A study has also been done involving direct current stimulation to the prefrontal cortex to increase the amount of slow oscillations during SWS. The direct current stimulation greatly enhanced word-pair retention the following day, giving evidence that SWS plays a large role in the consolidation of episodic memories.
The different studies suggest that there is a correlation between sleep and the complex functions of memory. Harvard sleep researchers Saper and Stickgold point out that an essential part of memory and learning consists of nerve cell dendrites' sending of information to the cell body to be organized into new neuronal connections. This process demands that no external information is presented to these dendrites, and it is suggested that this may be why it is during sleep that memories and knowledge are solidified and organized.
Recent studies examining gene expression and evolutionary increases in brain size offer complimentary support for the role of sleep in the mammalian memory consolidation theory. Evolutionary advances in the size of the mammalian amygdala, (a brain structure active during sleep and involved in memory processing), are also associated with increases in NREM sleep durations. Likewise, nighttime gene expression differs from daytime expression and specifically targets genes thought to be involved in memory consolidation and brain plasticity.
The "Preservation and Protection" theory holds that sleep serves an adaptive function. It protects the animal during that portion of the 24-hour day in which being awake, and hence roaming around, would place the individual at greatest risk. Organisms do not require 24 hours to feed themselves and meet other necessities. From this perspective of adaptation, organisms are safer by staying out of harm's way, where potentially they could be prey to other, stronger organisms. They sleep at times that maximize their safety, given their physical capacities and their habitats.
This theory fails to explain why the brain disengages from the external environment during normal sleep. However, the brain consumes a large proportion of the body's energy at any one time and preservation of energy could only occur by limiting its sensory inputs. Another argument against the theory is that sleep is not simply a passive consequence of removing the animal from the environment, but is a "drive"; animals alter their behaviors in order to obtain sleep.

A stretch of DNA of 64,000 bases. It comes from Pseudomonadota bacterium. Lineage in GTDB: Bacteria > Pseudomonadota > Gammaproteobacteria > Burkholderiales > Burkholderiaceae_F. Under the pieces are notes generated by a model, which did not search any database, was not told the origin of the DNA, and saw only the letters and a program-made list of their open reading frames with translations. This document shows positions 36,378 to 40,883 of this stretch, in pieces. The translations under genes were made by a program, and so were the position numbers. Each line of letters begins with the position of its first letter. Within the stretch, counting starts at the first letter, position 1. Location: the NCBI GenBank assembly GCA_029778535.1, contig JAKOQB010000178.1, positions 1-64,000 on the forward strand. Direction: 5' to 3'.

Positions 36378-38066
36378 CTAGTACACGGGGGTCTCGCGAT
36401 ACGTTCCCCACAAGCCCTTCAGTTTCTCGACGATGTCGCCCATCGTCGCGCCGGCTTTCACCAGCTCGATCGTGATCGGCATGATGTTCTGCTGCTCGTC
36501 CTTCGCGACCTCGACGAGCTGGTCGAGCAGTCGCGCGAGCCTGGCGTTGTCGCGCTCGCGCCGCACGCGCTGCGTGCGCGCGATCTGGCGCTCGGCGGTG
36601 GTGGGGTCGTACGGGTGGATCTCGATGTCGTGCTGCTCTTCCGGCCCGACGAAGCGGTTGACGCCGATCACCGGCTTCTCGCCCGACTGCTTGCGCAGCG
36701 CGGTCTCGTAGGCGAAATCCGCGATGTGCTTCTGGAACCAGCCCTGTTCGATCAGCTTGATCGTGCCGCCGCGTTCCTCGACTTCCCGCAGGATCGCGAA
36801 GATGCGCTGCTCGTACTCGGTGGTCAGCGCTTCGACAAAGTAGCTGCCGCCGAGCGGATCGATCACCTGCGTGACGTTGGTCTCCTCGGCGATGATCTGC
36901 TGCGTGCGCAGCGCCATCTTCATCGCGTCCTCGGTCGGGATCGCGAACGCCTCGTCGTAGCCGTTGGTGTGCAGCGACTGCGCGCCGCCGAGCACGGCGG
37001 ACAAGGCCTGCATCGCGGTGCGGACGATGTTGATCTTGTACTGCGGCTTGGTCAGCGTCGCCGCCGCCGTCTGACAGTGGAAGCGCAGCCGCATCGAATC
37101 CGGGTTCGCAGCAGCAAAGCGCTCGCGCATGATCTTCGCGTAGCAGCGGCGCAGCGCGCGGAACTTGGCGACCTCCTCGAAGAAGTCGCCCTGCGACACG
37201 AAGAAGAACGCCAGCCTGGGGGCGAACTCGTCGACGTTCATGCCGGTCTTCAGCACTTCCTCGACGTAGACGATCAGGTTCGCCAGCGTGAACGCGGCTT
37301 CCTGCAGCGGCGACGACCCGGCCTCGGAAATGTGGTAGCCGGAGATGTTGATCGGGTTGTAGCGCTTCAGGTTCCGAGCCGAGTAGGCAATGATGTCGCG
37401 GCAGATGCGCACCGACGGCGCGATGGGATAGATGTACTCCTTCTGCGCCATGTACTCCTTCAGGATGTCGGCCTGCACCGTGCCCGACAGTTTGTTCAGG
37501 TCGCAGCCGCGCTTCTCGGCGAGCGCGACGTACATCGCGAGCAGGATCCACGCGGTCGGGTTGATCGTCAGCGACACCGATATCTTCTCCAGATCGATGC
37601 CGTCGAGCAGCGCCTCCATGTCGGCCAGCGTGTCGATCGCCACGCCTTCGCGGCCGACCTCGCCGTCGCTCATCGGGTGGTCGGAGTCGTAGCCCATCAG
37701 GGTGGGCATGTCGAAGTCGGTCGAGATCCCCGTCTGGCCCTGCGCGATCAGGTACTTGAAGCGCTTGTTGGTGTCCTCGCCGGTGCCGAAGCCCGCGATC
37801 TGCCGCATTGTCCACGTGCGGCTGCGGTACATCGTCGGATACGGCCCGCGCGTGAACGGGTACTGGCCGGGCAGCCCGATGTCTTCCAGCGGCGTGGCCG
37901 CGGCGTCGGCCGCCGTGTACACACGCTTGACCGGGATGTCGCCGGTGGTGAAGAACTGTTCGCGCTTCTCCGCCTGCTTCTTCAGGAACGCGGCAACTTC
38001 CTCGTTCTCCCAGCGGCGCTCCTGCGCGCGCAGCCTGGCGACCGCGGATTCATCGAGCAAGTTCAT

Therefore, circadian regulation is more than sufficient to explain periods of activity and quiescence that are adaptive to an organism, but the more peculiar specializations of sleep probably serve different and unknown functions. Moreover, the preservation theory needs to explain why carnivores like lions, which are on top of the food chain and thus have little to fear, sleep the most. It has been suggested that they need to minimize energy expenditure when not hunting.
Preservation also does not explain why aquatic mammals sleep while moving. Quiescence during these vulnerable hours would do the same and would be more advantageous, because the animal would still be able to respond to environmental challenges like predators, etc. Sleep rebound that occurs after a sleepless night will be maladaptive, but obviously must occur for a reason. A zebra falling asleep the day after it spent the sleeping time running from a lion is more, not less, vulnerable to predation.
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Some research shows sleep clears negative emotions.